Nathu La(Sikkim)

At an impressive elevation of over 14,000-ft, Nathu La is located on the Indo-China border in the East Sikkim district. This road becomes risky to travel through during rain and snowfall when its condition severely deteriorates and landslides and avalanches are far too common. However, even in summer months, the road should only be traversed by seasoned motorists. Those with motion sickness should steer clear; this road has many twists and turns that can make anyones stomach turn. Though you will pass by pristine Tsomgo Lake, it will make you wonder whether the risk is really worth this reward.

Tip: You will need special permission to visit Nathu La, which can be obtained at Gangtok. Nathu La is closed to Indian tourists on Saturdays and Sundays, so keep that in mind when you plan your trip.

Mumbai-Goa Highway (NH66)(Maharashtra)

Yep, thats right. The road connecting Indias sunshine state to the commercial capital is a downright risk to your life. The highway, erstwhile known as NH17, is only two lanes wide, has no dividers for the most part, and is host to a number of blind turns. Between 2006 and 2011, around 1,500 people lost their lives travelling this route. Accidents including pile-ups and head-on collisions are scarily common, so most commuters from Mumbai tend to take the expressway to Pune, which then connects to Satara, Kolhapur and then Goa. This is a much longer route, but definitely safer. The widening of this highway is set to be completed by 2019 according to Nitin Gadkari, Union Minister for Road Transport and Highways. However, until then, this will remain the road less travelled and for good reason.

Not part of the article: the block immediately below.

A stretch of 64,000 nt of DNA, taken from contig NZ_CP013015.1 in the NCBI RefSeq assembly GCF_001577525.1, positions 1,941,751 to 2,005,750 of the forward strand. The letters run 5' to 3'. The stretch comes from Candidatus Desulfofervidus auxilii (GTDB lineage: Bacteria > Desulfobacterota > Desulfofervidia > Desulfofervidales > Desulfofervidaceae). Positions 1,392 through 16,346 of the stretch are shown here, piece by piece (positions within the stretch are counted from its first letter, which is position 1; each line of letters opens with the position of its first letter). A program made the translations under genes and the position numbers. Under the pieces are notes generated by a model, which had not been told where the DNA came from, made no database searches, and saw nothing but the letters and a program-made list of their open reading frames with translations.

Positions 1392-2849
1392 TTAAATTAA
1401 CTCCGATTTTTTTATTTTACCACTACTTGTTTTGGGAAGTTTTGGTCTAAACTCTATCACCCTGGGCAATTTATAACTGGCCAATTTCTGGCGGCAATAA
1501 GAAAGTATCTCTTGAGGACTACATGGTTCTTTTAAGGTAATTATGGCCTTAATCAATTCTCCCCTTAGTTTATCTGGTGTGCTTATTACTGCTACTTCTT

If you have a thirst for adventure, a heart that knows no fear, a cultured left foot (theres a good chance your clutch will take severe damage on these roads), and the off-road skills to see you emerge safe on the other sides, these daredevil routes may just be right up your alley. Dont forget to carry your trusty toolbox and some spares because the rock-strewn passes will wreak havoc on your cars unprotected underbelly. And remember, wrenching at the side of narrow paths is a herculean task, especially since theres scarcely any oxygen to breathe on many of these roads! Its your choice either err on the side of caution and stay put on that couch, or fasten that seatbelt and get ready for the ride of your lifetime. You have been warned.